A U.S. Congressional committee on Wednesday peppered Facebook CEO Mark Zuckerberg with tough questions about the company's plans for a cryptocurrency called Libra, raising concerns about privacy issues as well as potential use of the currency for money laundering or to finance deals for illegal drugs and weapons.
The National Cyber Security Center, the U.K.'s national computer emergency response team, investigated 658 serious cybersecurity incidents in a 12-month period and supported nearly 900 victim organizations - most of whom learned they had fallen victim after being alerted by the center.
A Texas resident has been sentenced to 12 years in federal prison for hacking into the Los Angeles Superior Court computer system and sending out approximately 2 million phishing emails to steal hundreds of credit and payment card numbers.
Avast's CCleaner utility is popular - with attackers. For the second time in two years, the company says it believes CCleaner was the intended targeted of a carefully plotted intrusion executed between May and October.
Now that the deadline for all e-commerce card-based transactions in the EU to comply with the new PSD2 "strong customer authentication" requirement has officially been extended to Dec. 31, 2020, authorities are emphasizing the need to make a smooth, uniform migration to the new forms of authentication.
Facebook has removed four networks - three from Iran and one from Russia - after its investigation revealed they were spreading misinformation regarding politics and news related to the 2020 U.S. presidential election. The action is part of a larger effort by the social media firm to clamp down on abuse.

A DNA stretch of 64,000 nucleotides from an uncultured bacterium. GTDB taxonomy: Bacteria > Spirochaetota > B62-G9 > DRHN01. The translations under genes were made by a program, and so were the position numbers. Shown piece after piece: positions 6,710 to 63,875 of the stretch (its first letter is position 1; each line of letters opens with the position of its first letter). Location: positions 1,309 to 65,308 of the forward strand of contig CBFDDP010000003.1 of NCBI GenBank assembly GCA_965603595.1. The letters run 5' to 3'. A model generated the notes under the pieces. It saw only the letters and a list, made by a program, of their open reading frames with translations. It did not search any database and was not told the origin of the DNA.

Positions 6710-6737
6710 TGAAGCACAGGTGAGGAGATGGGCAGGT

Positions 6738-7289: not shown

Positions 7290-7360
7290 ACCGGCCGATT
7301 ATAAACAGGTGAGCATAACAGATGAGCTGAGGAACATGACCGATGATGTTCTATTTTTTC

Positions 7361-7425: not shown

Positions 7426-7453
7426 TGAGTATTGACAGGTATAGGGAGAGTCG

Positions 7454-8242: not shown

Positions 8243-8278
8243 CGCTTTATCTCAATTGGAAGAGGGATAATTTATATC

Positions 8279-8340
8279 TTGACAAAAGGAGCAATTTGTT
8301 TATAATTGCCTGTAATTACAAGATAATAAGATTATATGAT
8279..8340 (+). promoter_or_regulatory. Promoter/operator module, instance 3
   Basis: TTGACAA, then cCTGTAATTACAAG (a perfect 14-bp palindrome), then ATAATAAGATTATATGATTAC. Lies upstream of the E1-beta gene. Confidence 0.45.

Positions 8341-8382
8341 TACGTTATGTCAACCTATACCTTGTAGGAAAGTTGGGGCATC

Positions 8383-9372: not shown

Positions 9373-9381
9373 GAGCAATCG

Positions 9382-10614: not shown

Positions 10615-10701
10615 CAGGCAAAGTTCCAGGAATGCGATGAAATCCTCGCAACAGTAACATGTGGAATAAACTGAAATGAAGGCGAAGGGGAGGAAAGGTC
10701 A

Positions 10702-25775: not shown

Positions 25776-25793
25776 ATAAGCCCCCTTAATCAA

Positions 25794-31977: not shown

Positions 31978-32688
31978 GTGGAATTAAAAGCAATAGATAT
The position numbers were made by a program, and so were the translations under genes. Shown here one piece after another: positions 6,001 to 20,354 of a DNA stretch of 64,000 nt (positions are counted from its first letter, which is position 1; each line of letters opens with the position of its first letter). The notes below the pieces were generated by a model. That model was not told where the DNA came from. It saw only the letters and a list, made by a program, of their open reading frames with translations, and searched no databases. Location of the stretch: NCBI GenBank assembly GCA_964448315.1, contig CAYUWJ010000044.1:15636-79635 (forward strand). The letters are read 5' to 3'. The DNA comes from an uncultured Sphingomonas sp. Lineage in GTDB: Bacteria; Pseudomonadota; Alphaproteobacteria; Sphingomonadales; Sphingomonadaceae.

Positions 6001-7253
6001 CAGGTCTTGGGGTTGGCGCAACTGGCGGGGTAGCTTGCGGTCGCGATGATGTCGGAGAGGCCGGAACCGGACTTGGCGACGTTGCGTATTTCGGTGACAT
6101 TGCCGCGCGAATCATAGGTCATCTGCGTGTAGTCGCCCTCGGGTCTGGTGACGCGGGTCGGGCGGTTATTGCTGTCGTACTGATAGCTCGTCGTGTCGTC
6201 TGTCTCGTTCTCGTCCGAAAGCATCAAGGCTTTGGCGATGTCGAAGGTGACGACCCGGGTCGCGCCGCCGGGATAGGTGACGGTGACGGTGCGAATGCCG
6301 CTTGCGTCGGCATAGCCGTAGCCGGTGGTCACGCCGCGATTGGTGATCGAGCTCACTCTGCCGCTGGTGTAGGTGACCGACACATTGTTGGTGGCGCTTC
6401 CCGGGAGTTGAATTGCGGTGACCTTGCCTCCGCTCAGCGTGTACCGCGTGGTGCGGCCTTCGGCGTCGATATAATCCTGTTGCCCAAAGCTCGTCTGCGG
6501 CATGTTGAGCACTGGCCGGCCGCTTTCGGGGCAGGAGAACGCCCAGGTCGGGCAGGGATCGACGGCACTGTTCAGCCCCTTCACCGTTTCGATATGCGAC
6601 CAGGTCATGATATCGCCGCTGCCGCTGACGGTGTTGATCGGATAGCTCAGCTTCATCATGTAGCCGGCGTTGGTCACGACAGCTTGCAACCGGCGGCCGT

Virtual private network provider NordVPN says an error by its Finish data center provider allowed an attacker to gain control of a server, but it says its broader service was not hacked. One security expert, however, says the attacker would have had "God mode" on one VPN node.
An unsecure database belonging to a company that provides hotel reservation management technology exposed about 179 GB of customer data, including travel arrangements and other data for U.S. military and other government personnel, according to a new report from two independent security researchers.
Turla, an advanced persistent threat group with apparent ties to Russia, seized attack infrastructure and tools used by OilRig, an Iranian APT group, U.K. and U.S. intelligence agencies have jointly reported. They say Turla used the coopted infrastructure to conduct its own reconnaissance and attacks.
Zappos is close to settling a long-running class action lawsuit filed by consumers over a 2012 data breach. The online shoe and clothing retailer's proposed compensation would be a 10 percent discount on a future online purchase. A federal judge has granted preliminary approval to the deal.
A British judge has denied WikiLeaks founder Julian Assange's request to delay a five-day hearing, slated to begin Feb. 25, on whether he should be extradited to the United States to face espionage charges.
ESET researchers have uncovered a new cybercriminal scheme that uses a trojanized version of the Tor browser for stealing bitcoins from darknet users. So far, the scam has netted about $40,000 in virtual currency, the security firm says.
Sodinokibi/REvil appears to be making millions since it seized the ransomware-as-a-service mantle from GandCrab earlier this year. Security firm McAfee says up to 40 percent of every victim's ransom payment - average: $4,000 - gets remitted to the Sodinokibi actor, with "affiliates" keeping the rest.
New legislation introduced by Sen. Ron Wyden, D-Ore., would "bring meaningful punishments for companies that violate people's data privacy, including larger fines and potential jail time for CEOs," he says. But can Congress agree on a privacy law?